Lesson: Dynamic Composition I
An article in three parts, posted out of order so you can start at the top with Lesson 1 and move on down without the usual start-at-the-bottom nonsense.
In two weeks I leave for India with my colleague and Lumen Dei co-founder, Matt Brandon. Together we’ll be leading a group of young adults though Northern India as we teach them how to see and to shoot compelling images of people and culture. That’s the really broad strokes. Check out LUMEN-DEI.COM for more specifics.
One of the things I am most keen to teach is the stuff that goes on within a frame to tell the story. Photography is a visual language and deftness at any language requires more than a knowledge of the alphabet, some vocabulary, and a few rules of grammar. It requires an understanding of nuance and when to use which word over another. Part of the nuance in photography is the matter of balance within composition.
There are two ways to balance an image – one is static, the other dynamic. Both have their place, neither is universally “better” than another. But the bulk of photographers default to static balance because they are familiar with it and dynamic balance seems a little trickier to define.
Before I go any further I should acknowledge my debt to Raymond Aubin, whose excellent article La Composition Dynamique, which appeared in Photo Selection, Septembre 2005, introduced me to these concepts. I’ve transcribed the article into english and distilled it over the last year into my own thinking. So I’d like to introduce this to you, with a nod to Mr. Aubin for his excellent explanations – the spirit of which is contained here, if not the exact words.
First, think of an archer’s bow. It is balanced while at rest, and it is balanced when drawn back. But the balance is different and the sense one gets viewing it is different in each case. While it remains at rest the balance is static. While it is drawn, the balance is dynamic and implies the potential of motion and release.
An image, too, can be composed to yield a static or dynamic balance. Follow the basic Rule of Thirds model and your images will, for the most part, be balanced, but they will be static. This is not a “bad” thing – merely a statement of what is. But it is important when you want a dynamic image and not a static image. A photograph that is created to imply serenity, stability, calm, etc, would do well to be balanced statically. A photograph intended to imply motion, or the potential of motion, to imply energy – would do well to be balanced dynamically. The right tool for the right job. Or, to return to the language metaphor – the right words for the right occassion.
The rule of thirds can be helpful in beginning to explain dynamic composition as well. There are five poles of attraction within the frame. The centre, and the four corners. To the eye these poles give the impression of pulling towards themselves the visual elements of the photo. The centre exerts a greater attraction than the corners, so a visual element placed on the points specified by the rule of thirds is pulled strongly towards the centred but anchored by the corners. And so it remains balanced. But statically so.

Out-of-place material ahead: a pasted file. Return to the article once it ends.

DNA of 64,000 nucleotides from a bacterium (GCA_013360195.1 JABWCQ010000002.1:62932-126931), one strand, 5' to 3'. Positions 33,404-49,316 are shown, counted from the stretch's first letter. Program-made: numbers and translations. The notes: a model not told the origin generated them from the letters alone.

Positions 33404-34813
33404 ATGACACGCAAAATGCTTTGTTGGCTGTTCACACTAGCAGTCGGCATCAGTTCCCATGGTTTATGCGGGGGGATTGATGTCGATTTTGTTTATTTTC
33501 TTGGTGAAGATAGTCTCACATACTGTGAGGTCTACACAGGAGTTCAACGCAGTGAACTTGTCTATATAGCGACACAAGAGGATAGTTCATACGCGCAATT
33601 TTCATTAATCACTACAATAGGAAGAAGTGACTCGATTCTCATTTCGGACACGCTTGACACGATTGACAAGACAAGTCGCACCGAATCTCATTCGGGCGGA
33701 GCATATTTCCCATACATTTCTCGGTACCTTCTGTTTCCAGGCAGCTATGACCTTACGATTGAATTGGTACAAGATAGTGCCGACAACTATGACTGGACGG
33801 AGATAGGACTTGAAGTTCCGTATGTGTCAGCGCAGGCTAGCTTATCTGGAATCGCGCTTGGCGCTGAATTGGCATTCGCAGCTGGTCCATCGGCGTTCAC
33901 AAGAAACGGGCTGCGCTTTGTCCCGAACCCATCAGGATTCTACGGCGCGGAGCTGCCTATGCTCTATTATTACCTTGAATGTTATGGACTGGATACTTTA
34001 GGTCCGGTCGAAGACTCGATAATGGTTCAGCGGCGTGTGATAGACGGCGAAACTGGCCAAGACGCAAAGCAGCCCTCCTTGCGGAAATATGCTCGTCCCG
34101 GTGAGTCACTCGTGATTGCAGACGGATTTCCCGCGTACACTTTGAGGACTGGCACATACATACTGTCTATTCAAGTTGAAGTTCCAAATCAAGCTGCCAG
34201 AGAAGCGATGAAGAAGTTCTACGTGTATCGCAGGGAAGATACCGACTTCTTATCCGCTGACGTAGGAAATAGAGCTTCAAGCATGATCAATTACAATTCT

So, how is that sense of dynamic balance achieved in an image? I am going to split this article into a short series, to keep the articles short and to give you time to absorb it all. For this lesson I want to introduce you to the important concept of mass.
Aubin uses the metaphor of mass, stating that different elements have different visual mass – meaning their pull is greater. The next lesson we’ll talk about gravity – in other words, how does the frame interact (gravity) with the elements in the image (mass) – for now it’s probably most helpful to you if you get your head around the notion of mass.
Some elements draw your eye more powerfully than others – they interact with the frame in such a way as to have greater pull. Here’s a list (where > means “has greater pull or visual mass than”) :
- Large Elements > Small Elements
- Bright Elements > Dark Elements
- Warm Colours > Cool Colours
- Elements in Perspective (3D) > Flat Elements (2D)
- High Contrast Elements > Low Contrast Elements
- Elements of High Interest > Elements of Low Interest
- Isolated Elements > Cluttered Elements
- Elements of Regular Shape > Elements of Irregular Shape
- Sharp Elements > Out of Focus Elements.
Of course, without the frame, and an understanding of how we read the frame – how we “listen” to this visual language – this is only a partial lesson, but a crucial first step in beginning to understand the process of creating images with a sense of balanced tension or dynamic composition.
Even without moving forward in this series, a knowledge of mass or visual attraction is important. If the task of the visual storyteller is to without words tell the viewer where to look and what is important, then knowing which elements have greater pull, is crucial. For example, knowing that light elements will pull the eye of the viewer more powerfully than darker areas will encourage you to make sure that unimportant background details are not brighter than your main subject. This is a simplification, but it’s generally true. So look around the frame and either shoot in such a way that you eliminate that bright piece of white paper behind your subject, or darken it later digitally so the eye doesn’t have to fight so hard to look where you’re pointing.